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Revision as of 11:50, 25 February 2010 by Admin (talk | contribs) (New page: '''Yinglong''' (simplified Chinese: 应龙; traditional Chinese: 應龍; pinyin: yìnglóng; Wade-Giles: ying-lung) is a winged dragon and rain deity in ancient Chinese mythology. ==Etym...)
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Yinglong (simplified Chinese: 应龙; traditional Chinese: 應龍; pinyin: yìnglóng; Wade-Giles: ying-lung) is a winged dragon and rain deity in ancient Chinese mythology.


应龙 (ying-lung) in Chinese means responsive dragon.


The (early 6th century CE) Shuyiji 述異記 "Records of Strange Things" (tr. Visser 1913:72) lists yinglong as a 1000-year-old dragon. "A water snake (水虺 shui hui) after five hundred years changes into a kiao (蛟), a kiao after a thousand years changes into a lung (龍), a lung after five hundred years changes into a kioh-lung (蛟龍, "horned dragon") and after a thousand years into a ying-lung (應龍)".


Yinglong was a dragon believed to be a powerful servant of Huang di, the yellow emperor, who was later immortalized as a dragon. One legend states that Yinglong helped a man named Yu stop the Yellow River from flooding by digging long channels with his tail. "All traditions about Ying-lung are vague", writes Eberhard (1968:350-351). Although the legendary Yinglong dragon helped Yu to control floods, "Yü was frequently bothered by dragons", most notably the flood-deity Gong Gong's minister Xiang Liu 相柳, who "had a human face, but a snake body with nine heads." Eberhard cites Sun Jiayi's identification of Xiang Liu as an eel (manyu 鰻魚), which is important in flood myths of Taiwanese aborigines. According to early commentaries, Yinglong

who made the beds of rivers by waggling his tail in the muddy soil and thus helped Yü to regulate the flood, was a kind of eel, too. Hsiang-liu stopped the water with his body; Ying-lung with his tail made it run freely, just as Yü's father Kun stopped the water, while Yü made it run.

He cites legends describing Gun as "the naked one" and "dark fish"; both names that "fit quite well the eel." Eberhard concludes that Yinglong and the mythic elements about Yu "testify to the connection between Yü and the cultures of the south, which differ from Yü myths of the Ba culture". Carr (1990:106) cites Chen Mengjia's hypothesis, based on studies of Shang Dynasty oracle bones, that Yinglong was originally associated with the niqiu 泥鰍 "loach".

Yinglong representations were anciently used in rain-magic ceremonies, where Eberhard (1968:247-248) says, "the most important animal is always a dragon made of clay". Besides controlling rain and drought, the Yinglong Responsive Dragon did something else: "With his tail he drew lines in the earth and thus created the rivers … In other words, the dragon made the waterways – the most important thing for all cultivators of rice.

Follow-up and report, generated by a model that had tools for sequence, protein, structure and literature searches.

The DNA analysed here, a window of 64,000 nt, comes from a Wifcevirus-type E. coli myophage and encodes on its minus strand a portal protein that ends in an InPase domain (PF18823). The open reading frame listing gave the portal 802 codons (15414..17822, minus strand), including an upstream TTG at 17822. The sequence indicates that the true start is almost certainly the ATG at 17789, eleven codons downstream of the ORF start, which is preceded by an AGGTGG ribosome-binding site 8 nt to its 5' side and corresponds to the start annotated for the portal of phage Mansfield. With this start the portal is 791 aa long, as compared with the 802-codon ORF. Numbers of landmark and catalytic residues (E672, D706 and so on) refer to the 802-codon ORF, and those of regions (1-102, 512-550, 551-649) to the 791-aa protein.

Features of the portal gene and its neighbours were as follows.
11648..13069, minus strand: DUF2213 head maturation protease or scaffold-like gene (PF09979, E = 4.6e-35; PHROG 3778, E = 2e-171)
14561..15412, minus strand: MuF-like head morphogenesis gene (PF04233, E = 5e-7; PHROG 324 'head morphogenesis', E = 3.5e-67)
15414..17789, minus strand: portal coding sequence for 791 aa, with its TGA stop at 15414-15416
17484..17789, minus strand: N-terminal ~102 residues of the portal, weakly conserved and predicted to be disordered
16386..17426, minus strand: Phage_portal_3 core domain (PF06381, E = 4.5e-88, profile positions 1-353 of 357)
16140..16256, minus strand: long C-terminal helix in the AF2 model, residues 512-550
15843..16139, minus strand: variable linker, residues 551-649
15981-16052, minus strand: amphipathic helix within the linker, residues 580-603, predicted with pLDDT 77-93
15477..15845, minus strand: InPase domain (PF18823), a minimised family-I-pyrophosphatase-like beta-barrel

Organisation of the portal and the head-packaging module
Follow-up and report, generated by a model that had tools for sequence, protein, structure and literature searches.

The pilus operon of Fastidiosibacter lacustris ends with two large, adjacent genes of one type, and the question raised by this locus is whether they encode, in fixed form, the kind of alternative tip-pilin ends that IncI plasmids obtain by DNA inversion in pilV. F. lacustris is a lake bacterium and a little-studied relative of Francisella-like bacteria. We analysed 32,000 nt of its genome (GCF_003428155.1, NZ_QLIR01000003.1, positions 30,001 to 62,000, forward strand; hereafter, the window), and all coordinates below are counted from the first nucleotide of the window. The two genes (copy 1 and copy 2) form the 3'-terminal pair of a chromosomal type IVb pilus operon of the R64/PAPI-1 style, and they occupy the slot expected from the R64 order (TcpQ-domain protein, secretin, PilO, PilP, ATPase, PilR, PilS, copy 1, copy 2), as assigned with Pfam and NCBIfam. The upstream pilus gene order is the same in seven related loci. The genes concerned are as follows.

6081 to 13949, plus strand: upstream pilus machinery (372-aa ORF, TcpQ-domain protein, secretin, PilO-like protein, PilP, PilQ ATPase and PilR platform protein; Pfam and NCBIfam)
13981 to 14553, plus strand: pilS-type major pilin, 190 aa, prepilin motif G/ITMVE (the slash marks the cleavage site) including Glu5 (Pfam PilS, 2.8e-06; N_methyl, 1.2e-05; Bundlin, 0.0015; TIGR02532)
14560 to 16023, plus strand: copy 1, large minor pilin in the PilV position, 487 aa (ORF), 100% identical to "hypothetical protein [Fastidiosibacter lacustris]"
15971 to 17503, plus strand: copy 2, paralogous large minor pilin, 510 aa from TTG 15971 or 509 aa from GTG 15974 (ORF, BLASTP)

Porter (1996:44-45) interprets the tail of the terrestrial Yinglong, which "uses its tail to sketch on the land a map of channel-like formations whereby the floodwaters were allowed to drain", as the tail of the celestial dragon Scorpius, which is "situated precisely where the Milky Way splits into two branches". The (4th century CE) Shiyiji 拾遺記 (tr. Porter) retells the Yu flood-control myth in terms of the Four Symbols, namely, the Yellow Dragon or Azure Dragon and the Black Tortoise. "Yü exhausted his energy creating channels, diverting the waters and establishing mountains as the yellow dragon dragged its tail in front and the black turtle carried green-black mud (used to build the channels) in back."


  • Birrell, Anne, tr. 2000. The Classic of Mountains and Seas. Penguin.
  • Carr, Michael. 1990. "Chinese Dragon Names", Linguistics of the Tibeto-Burman Area 13.2:87-189.
  • Eberhard, Wolfram. 1968. The Local Cultures of South and East China. E. J. Brill.
  • Groot, J.J.M. de. 1910. The Religious System of China 6. E. J. Brill.
  • Hawkes, David, tr. 1985. The Songs of the South: An Anthology of Ancient Chinese Poems by Qu Yuan and Other Poets. Penguin.
  • Karlgren, Bernhard. 1946. "Legends and Cults in Ancient China," Bulletin of the Museum of Far Eastern Antiquities 18:199-365.
  • Major, John S. 1993. Heaven and Earth in Early Han Thought: Chapters Three, Four, and Five of the Huainanzi. SUNY Press.
  • Porter, Deborah Lynn. 1996. From Deluge to Discourse: Myth, History, and the Generation of Chinese Fiction. SUNY.
  • Schiffeler, John W. 1978. The Legendary Creatures of the Shan hai ching. Hwa Kang.
  • Visser, Marinus Willern de. 1913. The Dragon in China and Japan. J. Müller.

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